Larry Bresler of Organize! Ohio noted the dismantling of the poverty programs that began under President Reagan and continues to this day. He said since the time of Reagan, presidents have not talked about ending poverty. Left out of the public dialogue, Bresler said the poor have been excluded from society and are being denied their rights as citizens.
John Hairston Jr., District Director for Congresswoman Marcia Fudge, talked about the Congressional Black Caucus’ efforts to create programs that “lift people up and out of poverty.” He said one proposal is to devote 10% of all new government revenue to the poorest 20% of communities in the country. He spoke of the importance of removing obstacles to the success of students and to re-examining policies that contribute to a growing income gap. Hairston called ending poverty “a civil rights battle.” Hairston promised that the Congressional Black Caucus, which Congresswoman Fudge chairs, “will not rest until there is progress on these issues.”
Diana King, Chair of Northern Ohioans for Budget Legislation Equality and a member of United Clevelanders Against Poverty talked about the plight of families doing volunteer work to continue to receive public assistance, yet not getting assistance to work toward a college degree or training for the skills to obtain meaningful employment. She said her family volunteers 50 hours a week to keep from losing $434 in benefits. She said on a per hour basis it amounts to $1.97 per hour. While the volunteer work consumes many hours, it does not offer the skill training or education needed to secure a quality job. King said, in Cuyahoga County there are 900 families per caseworker. She says the Department of Jobs and Family services often cuts people off their benefits for minor infractions. King pointed out that by shredding the safety net – cutting people off from benefits – increases the poverty level by depriving them of the time and resources to take steps to improve their future prospects.
Debbie Klein of Cleveland Jobs With Justice called for raising the minimum wage to a living wage. She said by raising the minimum wage to $10.10 per hour five million people would immediately be taken out of poverty.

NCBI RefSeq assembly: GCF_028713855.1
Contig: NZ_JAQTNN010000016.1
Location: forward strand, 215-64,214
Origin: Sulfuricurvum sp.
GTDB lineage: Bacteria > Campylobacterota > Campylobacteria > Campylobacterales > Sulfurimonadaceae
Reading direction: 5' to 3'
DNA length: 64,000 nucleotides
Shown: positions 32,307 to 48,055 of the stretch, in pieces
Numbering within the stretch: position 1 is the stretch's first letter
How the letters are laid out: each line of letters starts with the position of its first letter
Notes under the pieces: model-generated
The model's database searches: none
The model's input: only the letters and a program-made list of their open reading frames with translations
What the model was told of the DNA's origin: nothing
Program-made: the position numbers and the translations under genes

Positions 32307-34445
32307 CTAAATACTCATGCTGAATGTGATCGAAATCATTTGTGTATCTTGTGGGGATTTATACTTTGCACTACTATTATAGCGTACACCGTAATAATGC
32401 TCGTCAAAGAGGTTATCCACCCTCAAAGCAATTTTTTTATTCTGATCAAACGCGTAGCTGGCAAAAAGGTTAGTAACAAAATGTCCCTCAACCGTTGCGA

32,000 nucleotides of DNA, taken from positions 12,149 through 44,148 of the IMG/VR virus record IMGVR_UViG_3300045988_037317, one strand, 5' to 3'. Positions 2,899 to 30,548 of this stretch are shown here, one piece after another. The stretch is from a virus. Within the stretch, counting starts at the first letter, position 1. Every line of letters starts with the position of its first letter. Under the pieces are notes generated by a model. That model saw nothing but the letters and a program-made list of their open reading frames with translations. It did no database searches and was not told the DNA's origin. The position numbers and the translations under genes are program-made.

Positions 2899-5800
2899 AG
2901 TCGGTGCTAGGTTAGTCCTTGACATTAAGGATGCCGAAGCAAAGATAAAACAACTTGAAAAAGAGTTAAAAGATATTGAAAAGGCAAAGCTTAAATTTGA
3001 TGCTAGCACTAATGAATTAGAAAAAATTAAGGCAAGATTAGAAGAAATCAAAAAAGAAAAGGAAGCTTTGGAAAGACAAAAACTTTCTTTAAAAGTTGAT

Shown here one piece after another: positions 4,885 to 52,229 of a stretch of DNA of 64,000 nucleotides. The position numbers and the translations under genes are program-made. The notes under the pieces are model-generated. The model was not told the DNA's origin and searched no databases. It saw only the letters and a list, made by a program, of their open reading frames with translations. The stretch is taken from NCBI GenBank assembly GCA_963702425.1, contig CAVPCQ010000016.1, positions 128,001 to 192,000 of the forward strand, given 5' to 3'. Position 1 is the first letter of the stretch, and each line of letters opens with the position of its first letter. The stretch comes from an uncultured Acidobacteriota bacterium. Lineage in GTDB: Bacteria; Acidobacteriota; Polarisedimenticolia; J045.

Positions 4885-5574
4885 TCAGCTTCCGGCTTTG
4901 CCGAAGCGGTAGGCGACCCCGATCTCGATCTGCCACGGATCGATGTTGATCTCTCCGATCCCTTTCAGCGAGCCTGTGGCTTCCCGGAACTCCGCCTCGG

Reverend Aaron Phillips, a pastor and member of Common Good Ohio, called for an end to the “War on the Poor.” He called on companies such as Walmart to pay a fair wage. He called for equal educational opportunity and an end to policies that take away from providing quality public education for all. He said, “You should not have to live in a rich suburb or be able to pay tuition to Catholic schools to get a quality education.”
In a call for action, Phillips said poor people should have a clear pathway out of poverty for those willing to take it. He called for equal opportunity for residents living in Riverview and Lakeview on W. 25th Street or Garden Valley on the East Side.
Retired Cleveland teacher Meryl Johnson equated reducing poverty with increased educational attainment, saying, “Raise the minimum wage, and test scores will go up.”
Local Economist George Zeller said, “Poverty is up in this region this year.” He noted that the five county region that includes Cleveland in November of 2013, for the seventh month in a row, lost more jobs than any other major metropolitan area in the country. “This region is bleeding jobs. The only way out of poverty is to create jobs,” said Zeller.
Gail Long called for unity in the new war on poverty. “We have to do this together, regardless of color or faith, or we are never going to get it done.”